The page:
Friday Letter Return of the vultures

An Englishman’s home is his castle, so the saying goes, but as interest rates rise and property values cool, Britons may soon find that their castles offer little protection from the financial realities outside. 

Yesterday, the Bank of England unexpectedly raised its key interest rate to 5.25 percent, the highest point since May 2001 and the third such move in the past several months, as the central authority attempts to curb inflation and cool the country’s booming housing market.

Like many housing markets around the world, the UK residential sector has enjoyed a phenomenal run in recent years. According to data released earlier this week by the UK government’s Land Registry, house prices in England and Wales increased by 6.8 percent in the twelve months through November 2006, the largest increase seen since May 2005. At the same time, however, the run-up in property prices has enticed many individual investors to purchase houses for investment, the so-called “buy to let” investor.

With the latest increase in interest rates, it is these speculators that are increasingly coming under pressure. (A press release this morning from the Association of Residential Letting Agents disputes this, noting that the fundamentals of the buy to let market remain unchanged and that a “majority of buy to let investors make a long-term commitment that is measured over decades.)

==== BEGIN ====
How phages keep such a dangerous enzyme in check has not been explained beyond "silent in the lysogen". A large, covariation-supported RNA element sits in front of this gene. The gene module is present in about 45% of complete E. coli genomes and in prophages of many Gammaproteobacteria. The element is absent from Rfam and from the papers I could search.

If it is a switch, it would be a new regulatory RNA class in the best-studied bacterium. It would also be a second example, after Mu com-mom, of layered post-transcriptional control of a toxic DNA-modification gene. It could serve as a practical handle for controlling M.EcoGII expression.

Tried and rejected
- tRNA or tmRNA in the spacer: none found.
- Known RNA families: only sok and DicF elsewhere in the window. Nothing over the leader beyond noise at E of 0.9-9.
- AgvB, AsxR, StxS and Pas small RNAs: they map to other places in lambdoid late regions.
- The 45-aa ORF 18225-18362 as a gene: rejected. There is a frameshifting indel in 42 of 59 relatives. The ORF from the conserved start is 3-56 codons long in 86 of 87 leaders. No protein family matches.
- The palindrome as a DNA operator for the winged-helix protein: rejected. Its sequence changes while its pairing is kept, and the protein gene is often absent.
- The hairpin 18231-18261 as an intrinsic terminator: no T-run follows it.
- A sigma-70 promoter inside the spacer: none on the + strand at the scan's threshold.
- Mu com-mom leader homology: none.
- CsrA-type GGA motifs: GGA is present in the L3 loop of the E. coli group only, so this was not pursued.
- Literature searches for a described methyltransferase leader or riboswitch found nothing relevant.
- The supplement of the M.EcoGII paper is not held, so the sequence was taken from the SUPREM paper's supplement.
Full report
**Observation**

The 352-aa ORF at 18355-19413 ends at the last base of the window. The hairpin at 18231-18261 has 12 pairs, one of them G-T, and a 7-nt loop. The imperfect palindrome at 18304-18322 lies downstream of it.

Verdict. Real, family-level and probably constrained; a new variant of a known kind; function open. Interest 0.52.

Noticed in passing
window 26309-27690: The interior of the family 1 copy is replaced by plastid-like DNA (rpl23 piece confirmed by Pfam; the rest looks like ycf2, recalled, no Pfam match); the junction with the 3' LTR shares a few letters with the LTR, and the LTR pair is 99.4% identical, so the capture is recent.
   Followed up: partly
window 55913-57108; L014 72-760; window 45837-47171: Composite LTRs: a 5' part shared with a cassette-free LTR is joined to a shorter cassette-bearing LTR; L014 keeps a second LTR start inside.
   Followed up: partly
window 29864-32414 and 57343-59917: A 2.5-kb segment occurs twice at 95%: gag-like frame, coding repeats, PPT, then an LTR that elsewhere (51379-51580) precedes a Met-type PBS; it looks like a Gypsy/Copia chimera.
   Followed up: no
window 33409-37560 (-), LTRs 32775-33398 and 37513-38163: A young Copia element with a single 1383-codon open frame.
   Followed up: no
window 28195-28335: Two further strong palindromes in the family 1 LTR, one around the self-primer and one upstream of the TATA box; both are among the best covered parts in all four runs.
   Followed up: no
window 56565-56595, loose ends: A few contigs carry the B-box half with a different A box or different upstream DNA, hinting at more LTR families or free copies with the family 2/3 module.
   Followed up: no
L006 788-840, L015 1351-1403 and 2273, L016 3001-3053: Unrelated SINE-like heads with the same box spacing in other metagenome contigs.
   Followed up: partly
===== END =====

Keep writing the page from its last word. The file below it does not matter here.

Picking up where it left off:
Nevertheless, there are rumbling in the private equity real estate community that distress in the UK residential market is coming—and coming soon. And it raises the question whether firms should be forming vehicles to take advantage.

Michael Walton, chief executive of Rynda Property Investors, says: “Clearly the further rise in interest rates is going to cause stress in some areas of the UK property market and the first area is in those cities where there has been a large rise in new blocks of flats where a high proportion of those have been sold to investors.”

Walton and others believe that interest rates have to rise further and the employment market deteriorate significantly before distressed funds start emerging, but he adds that firms are bound to be considering opportunities.

“Private equity real estate firms will look at distressed funds once they see sufficient volume,” he says.

For clues as to what might happen, the UK should look towards the US market where the downturn in the housing market has been more pronounced. Late last year, Warburg Pincus announced a $200 million joint venture to invest in non performing loans and distressed multi-family properties. New York distressed investor Avenue Capital is raising a $250 million property vehicle. And Los Angeles-based Canyon Capital Realty Advisors has reportedly closed on $500 million for a fund that will invest in mezzanine, bridge and non-performing loans, as well as provide financing for distressed projects.

In the UK, these are testing times for buy-to-let investors, but perhaps it is just the beginning for private equity firms interested in distressed residential property.

PS: The polls for The 2006 Global PERE Awards are open until January 31st. Cast your vote for the industry’s leading personality of 2006, the year’s best exit and many other categories. To vote, go to